In the recent discussion on capital flight from China, the country’s State Administration of Foreign Exchange denied the speculation that there was capital outflow. While capital flight through official channels can be observed directly on the capital account of the balance of payments, when capital flows on the capital account are restricted, flight may take place through the current account. Since the trade account for China is large, it provides a channel for capital movements. The discussion on whether there is capital flight from China cannot be settled without an analysis of its trade account.
In the 1970s and 1980s, when the literature identified capital flight through trade misinvoicing, countries had significant restrictions on trade. Even then, misinvocing offered a serious channel for capital flows. It was found that in countries that have capital account restrictions, greater trade integration creates greater opportunities to shift capital through trade misinvoicing.
Trade misinvoicing only captures flows through merchandise trade. Services, and the difficulties of assessing the price of, say, a client-specific software, by a customs officer, offer further channels for misinvoicing, and are not accounted for in the trade data. Even beyond this, not all movement of capital through mispriced trade results in a difference between export and import values. For example, a form of trade mispricing that facilitates movement of capital or profits across borders is transfer pricing by multinational corporations. Such mispricing does not result in any discrepancy between the import and the export values. Trade misinvoicing thus underestimates the extent of capital flows that can take place through the current account. The accompanying table shows that flows on account of misinvoicing are as significant as net capital flows to a country.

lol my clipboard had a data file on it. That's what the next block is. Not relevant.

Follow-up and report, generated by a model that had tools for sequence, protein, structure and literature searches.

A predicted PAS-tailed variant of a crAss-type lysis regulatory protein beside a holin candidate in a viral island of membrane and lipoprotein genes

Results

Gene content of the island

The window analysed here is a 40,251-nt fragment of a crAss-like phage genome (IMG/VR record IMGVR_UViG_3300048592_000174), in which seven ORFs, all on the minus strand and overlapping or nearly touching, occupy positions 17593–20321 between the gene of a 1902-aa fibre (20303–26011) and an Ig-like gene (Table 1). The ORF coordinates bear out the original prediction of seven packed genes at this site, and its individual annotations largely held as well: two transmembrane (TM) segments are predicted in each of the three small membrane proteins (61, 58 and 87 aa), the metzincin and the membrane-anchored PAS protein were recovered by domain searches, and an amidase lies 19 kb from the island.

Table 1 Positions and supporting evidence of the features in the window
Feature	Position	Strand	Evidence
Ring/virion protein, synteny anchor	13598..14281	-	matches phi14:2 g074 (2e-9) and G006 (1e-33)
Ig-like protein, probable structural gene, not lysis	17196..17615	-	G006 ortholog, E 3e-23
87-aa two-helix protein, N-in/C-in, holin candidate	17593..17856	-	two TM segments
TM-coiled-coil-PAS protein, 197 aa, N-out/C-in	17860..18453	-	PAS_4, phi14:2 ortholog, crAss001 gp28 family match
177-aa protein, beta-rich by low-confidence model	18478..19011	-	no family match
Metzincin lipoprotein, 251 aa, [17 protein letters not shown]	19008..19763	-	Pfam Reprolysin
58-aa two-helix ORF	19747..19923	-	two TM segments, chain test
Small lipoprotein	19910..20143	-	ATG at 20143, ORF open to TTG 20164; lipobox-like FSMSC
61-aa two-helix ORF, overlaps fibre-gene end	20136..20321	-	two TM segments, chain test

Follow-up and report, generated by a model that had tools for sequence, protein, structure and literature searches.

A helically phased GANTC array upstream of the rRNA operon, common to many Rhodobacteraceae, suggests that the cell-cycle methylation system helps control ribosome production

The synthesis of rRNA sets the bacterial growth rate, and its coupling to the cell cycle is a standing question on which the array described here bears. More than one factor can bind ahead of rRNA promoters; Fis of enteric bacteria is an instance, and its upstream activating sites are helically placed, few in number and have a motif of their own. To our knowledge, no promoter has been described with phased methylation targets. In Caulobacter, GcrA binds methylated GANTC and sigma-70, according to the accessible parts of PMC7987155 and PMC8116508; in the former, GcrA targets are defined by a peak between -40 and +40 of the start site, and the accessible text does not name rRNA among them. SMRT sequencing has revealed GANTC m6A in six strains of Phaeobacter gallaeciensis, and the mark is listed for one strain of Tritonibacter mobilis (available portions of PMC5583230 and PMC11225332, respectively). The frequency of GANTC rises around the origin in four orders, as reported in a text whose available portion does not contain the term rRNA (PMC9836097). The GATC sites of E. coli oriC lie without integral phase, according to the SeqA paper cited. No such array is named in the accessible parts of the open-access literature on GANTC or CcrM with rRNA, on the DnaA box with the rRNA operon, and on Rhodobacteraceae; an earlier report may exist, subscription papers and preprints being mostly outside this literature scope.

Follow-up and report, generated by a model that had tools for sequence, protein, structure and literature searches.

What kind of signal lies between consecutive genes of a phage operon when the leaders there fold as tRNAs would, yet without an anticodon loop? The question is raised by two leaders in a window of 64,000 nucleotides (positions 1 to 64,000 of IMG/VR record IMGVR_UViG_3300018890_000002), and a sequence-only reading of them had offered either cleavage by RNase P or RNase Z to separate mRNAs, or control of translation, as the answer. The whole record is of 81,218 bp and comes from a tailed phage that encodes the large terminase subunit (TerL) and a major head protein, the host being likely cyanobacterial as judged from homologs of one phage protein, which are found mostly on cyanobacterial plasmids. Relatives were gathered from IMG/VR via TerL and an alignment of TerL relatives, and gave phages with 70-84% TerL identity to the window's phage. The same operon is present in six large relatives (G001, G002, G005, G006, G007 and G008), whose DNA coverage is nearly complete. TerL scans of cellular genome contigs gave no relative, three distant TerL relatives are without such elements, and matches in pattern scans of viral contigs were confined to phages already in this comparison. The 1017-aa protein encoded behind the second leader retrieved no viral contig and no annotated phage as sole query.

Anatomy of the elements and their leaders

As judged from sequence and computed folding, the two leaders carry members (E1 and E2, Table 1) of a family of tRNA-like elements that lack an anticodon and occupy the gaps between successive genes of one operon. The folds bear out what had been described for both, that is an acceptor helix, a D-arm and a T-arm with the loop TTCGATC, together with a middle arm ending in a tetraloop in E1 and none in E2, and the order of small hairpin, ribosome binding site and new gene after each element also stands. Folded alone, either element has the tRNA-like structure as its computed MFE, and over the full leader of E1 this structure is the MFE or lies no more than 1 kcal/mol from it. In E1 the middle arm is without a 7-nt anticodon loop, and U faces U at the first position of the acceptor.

In a recent paper, my co-authors and I found out that capital controls in countries with large trade flows are correlated with high levels of trade misinvoicing. After controlling for factors such as macroeconomic stability, corruption, currency overvaluation, and political instability, the openness of the capital account still has a significant role to play in determining trade misinvoicing. Trade misinvoincing should be viewed as a channel for de facto capital account openness. During 1980 to 2005, the average extent of misinvoicing induced capital flows in developing countries was of the amounted to around 38% of official flows, and 7.6% of GDP.
The magnitude of trade misinvoicing is conventionally estimated by juxtaposing trade data from the importing and the exporting country. A firm interested